NEWLY restored de Havilland Gypsy Moth, VH-UQH, flew into Archerfield Airport on Sunday April 14, with a supporting flight of five other 'Moths' to mark 88 years since it broke the England to Australia solo flight record.
Not only that, Tim Barron, the grandson of aviator Captain Charles Kennedy Scott who flew the Gypsy Moth on that historic journey, flew in his gransfather's restored aircraft, having jetted in from the UK a few days earlier, to participate in the commemorative flight.
Mr Barron was a passenger aboard the newly restored de Havilland Gypsy Moth, VH-UQH, flown by his grandfather 88 years ago to set an England to Australia solo flight record and become the first aircraft to land at Archerfield Airport on its opening day in April 1931.
Sunday’s flight into Archerfield Airport commemorated these historic events, and was the aircraft’s first major flight since the 1950s.
The Gypsy Moth arrived among a gaggle of other Gypsy Moths and Tiger Moths at about 2pm for an airside presentation and series of TV interviews, in front of the Archerfield Airport Terminal Building.
The aircraft was piloted by Captain Charles Kennedy Scott in 1931 to set a world flight record from London to Darwin of 9 hours, 4 hours and 11 minutes. This broke an earlier record set by fellow aviator, Sir Charles Kingsford-Smith, by 19 hours.
Scott then flew to Camooweal and Longreach, before heading to Brisbane to land the first aircraft at the then brand-new city airport at Archerfield.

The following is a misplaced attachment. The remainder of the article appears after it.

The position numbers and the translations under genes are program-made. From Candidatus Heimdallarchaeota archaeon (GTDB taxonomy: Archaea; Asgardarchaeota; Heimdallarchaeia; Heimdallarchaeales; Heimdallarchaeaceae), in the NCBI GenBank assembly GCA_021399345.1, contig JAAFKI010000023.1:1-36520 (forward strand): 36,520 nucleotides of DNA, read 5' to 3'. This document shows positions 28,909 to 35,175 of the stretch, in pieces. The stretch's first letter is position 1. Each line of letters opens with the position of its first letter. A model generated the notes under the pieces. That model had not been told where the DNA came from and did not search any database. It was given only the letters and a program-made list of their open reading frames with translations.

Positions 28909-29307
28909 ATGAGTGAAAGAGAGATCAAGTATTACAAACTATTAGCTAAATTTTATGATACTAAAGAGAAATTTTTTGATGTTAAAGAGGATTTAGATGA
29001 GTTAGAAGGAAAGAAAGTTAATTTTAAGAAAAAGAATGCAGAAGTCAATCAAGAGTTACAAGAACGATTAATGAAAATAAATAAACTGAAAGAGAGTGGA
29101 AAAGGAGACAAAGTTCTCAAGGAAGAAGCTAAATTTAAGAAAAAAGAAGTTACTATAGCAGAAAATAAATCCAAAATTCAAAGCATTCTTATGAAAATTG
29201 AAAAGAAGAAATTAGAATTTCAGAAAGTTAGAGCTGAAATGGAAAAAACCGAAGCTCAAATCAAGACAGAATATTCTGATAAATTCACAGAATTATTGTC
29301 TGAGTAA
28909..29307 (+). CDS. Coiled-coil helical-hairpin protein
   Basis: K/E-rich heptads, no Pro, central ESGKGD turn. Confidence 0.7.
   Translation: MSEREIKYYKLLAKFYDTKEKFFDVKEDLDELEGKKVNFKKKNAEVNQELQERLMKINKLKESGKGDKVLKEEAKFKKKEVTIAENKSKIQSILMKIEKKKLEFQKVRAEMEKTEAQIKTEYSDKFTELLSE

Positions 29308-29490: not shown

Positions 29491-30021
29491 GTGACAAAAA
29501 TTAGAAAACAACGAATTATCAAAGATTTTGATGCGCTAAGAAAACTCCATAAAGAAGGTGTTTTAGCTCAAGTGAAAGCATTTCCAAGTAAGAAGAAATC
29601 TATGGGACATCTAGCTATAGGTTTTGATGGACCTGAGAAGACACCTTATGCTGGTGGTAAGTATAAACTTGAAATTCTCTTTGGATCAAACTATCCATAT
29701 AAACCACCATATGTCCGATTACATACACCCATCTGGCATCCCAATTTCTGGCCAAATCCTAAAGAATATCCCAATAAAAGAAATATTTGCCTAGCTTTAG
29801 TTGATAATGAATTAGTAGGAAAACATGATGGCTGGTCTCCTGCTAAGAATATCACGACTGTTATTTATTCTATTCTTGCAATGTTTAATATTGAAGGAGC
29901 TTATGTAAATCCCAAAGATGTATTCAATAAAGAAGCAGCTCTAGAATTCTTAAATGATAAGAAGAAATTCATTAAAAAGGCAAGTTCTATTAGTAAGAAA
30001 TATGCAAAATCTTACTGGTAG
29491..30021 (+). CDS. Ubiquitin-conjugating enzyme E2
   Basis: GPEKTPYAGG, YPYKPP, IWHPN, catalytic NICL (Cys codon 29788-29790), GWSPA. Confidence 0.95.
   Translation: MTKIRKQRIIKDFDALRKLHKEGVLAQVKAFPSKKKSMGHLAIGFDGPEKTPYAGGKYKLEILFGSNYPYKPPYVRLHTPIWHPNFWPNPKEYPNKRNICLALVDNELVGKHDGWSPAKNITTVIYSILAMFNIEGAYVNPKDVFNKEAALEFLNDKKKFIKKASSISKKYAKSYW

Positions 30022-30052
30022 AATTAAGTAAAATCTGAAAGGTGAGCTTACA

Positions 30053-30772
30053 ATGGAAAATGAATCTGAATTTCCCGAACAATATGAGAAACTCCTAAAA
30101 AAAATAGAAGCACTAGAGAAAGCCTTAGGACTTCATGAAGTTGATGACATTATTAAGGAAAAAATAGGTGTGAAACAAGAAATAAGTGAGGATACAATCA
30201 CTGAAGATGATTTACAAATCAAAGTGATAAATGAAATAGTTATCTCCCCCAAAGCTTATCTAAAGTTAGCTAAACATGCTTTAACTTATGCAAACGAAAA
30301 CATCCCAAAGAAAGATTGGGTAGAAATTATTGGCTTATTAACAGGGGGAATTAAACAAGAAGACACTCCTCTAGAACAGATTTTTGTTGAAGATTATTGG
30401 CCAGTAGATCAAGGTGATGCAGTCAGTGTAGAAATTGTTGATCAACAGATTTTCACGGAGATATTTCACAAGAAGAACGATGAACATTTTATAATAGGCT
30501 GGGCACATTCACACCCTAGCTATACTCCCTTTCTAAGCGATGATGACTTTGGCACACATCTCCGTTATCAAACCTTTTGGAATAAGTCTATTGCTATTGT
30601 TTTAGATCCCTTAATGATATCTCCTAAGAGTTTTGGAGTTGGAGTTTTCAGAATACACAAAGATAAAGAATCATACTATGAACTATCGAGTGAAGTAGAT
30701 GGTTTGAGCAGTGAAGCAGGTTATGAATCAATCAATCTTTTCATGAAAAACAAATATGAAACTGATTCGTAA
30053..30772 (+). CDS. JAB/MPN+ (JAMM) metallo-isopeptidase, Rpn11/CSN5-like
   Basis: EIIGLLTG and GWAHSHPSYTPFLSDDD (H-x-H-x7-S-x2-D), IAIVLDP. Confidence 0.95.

English-born Captain Scott left the RAF in 1926 to emigrate to Australia. He was one of the original pilots for the fledgling outback airline, Qantas.
Today, his aircraft, VH-UQH, is co-owned by Ed Field of the Sunshine Coast and Peter Gartshore of Brisbane. Ed Field flew the Moth with Mr Barron aboard, from Caboolture Airport, where the aircraft is hangared, to Archerfield Airport. The flight was its first major flight since the 1950s.
Ed Field found VH-UQH and two log books among a shed full of Tiger Moth parts in the outback WA town of Trayning. The aircraft had been damaged in a cyclone in 1953 and was considered beyond repair.
After researching VH-UQH and discovering its historical significance, Mr Field brought the Gypsy Moth to Melbourne, then Caboolture. Its on-and-off restoration project started in the mid-1980s and was completed only last week, returning VH-UQH to as it was 88 years ago – including the original British registration markings (G-ABHY) which required special approval by CASA.
VH-UQH will be accompanied to Archerfield Airport by two antique aircraft owned by Bill Finlen of Boonah: Gypsy Moth VH-UMK – which was involved in the search for Lassetters Gold Reef in 1930 – and a Tiger Moth originally from the RAF in England and used as a wartime trainer.